Well, it’s finally happened.
For years locals have been saying that Byron is the most expensive place to live in the land of beer and bananas.
Now it’s official – well, as far as buying a home is concerned.
Last week market research firm Propertytology reported that the Sydney had ceded its mantle as having Australia’s most expensive median house price to, you guessed it, the Byron Shire.
Do we get a trophy of some description? A scale replica of the disco dong perhaps?
Propertytology (which is a little too close to ‘proctology’ for The Echo’s liking, but anyway) reports that as of December last year the Shire’s median house price was $987,500.
‘Byron’s median house price increased by a whopping 64 per cent over the past five calendar years, propelling it to the top of the national table,’ the firm’s chief proctolo… sorry, managing director said.
‘Sydney and Melbourne both produced a 44 per cent increase over the same five years to be $950,000 and $772,500, respectively.’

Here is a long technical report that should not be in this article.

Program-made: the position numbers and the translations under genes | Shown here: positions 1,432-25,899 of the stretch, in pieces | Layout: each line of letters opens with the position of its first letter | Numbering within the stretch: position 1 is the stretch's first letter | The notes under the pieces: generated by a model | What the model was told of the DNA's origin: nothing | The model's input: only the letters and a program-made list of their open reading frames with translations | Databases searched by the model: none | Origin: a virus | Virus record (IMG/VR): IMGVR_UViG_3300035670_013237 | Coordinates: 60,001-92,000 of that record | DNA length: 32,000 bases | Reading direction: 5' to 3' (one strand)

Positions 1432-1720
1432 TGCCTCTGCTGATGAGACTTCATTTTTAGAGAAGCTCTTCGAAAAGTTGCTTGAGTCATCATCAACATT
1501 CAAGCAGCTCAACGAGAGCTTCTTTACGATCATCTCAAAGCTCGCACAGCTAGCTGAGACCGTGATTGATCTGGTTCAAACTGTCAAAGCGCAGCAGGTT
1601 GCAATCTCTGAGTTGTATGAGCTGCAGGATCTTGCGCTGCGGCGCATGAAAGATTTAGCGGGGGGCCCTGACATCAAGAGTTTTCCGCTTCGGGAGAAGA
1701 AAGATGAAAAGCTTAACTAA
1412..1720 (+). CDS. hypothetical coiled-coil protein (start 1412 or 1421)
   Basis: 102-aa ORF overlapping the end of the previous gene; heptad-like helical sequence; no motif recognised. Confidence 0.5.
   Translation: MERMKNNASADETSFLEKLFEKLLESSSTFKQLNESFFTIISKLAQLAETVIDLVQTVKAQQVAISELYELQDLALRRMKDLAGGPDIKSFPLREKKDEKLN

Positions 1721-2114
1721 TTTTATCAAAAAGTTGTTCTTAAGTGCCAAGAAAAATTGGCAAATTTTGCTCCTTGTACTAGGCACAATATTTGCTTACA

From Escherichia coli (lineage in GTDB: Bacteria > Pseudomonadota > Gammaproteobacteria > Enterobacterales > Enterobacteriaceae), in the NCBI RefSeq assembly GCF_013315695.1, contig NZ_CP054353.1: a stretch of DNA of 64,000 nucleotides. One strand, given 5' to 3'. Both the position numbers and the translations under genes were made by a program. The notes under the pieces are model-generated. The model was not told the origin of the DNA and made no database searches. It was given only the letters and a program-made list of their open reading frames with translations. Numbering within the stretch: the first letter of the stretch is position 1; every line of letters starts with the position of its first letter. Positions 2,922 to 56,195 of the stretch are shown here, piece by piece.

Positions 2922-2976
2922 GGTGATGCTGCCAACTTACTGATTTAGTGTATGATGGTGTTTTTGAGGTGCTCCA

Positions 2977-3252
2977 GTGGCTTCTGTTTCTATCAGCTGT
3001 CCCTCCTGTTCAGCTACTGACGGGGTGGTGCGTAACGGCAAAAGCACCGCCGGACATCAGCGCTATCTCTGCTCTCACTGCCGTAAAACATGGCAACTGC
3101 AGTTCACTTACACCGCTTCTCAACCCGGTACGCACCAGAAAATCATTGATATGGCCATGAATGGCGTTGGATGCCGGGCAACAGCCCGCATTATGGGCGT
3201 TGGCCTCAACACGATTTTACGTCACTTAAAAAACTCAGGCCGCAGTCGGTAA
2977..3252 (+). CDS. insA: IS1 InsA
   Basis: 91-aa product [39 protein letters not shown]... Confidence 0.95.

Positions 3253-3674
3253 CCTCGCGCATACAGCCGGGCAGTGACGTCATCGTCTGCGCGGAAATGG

And as if we hadn’t had enough good news, Mr Pressley informs us that Byron is likely to extend its lead over Sin City because while prices there are falling, ours are continuing to climb.
‘Byron’s median house price has increased by an average of 10.1 per cent over the past 20 years – the highest rate of growth of any Australian town or city,’ he says.
‘It’s staggering that Byron has averaged double-digit growth every single year for two decades. I doubt whether there’s another city anywhere in the world that has done that.’
‘Back in 1998, the median house price in Byron Bay was just $140,000.’
The driving force behind all of this? Again, few surprises – it’s cashed-up silver-haired folk moving up from Sydney and Melbourne.
‘Demand is primarily driven by the affluent, middle-aged, Australian-born couples,’ Mr Pressley says.
‘Census data shows Byron’s median household age is 44 – compared to the national average of 38 – and there’s a below-average number of children per household as well.’
Our older population means less babies are being born here, and that is keeping a lid on the rate of population growth.
‘Byron’s average annual population growth rate of 0.9 per cent is well below the 17-year national average of 1.5 per cent,’ according to our learned friend.
‘Byron’s status is the ultimate proof that the size of a city’s total population or the annual rate of population growth are not the biggest drivers of property prices …’
Proof at last that, as far as Byron is concerned, size doesn’t matter – except when it comes to our bank balances.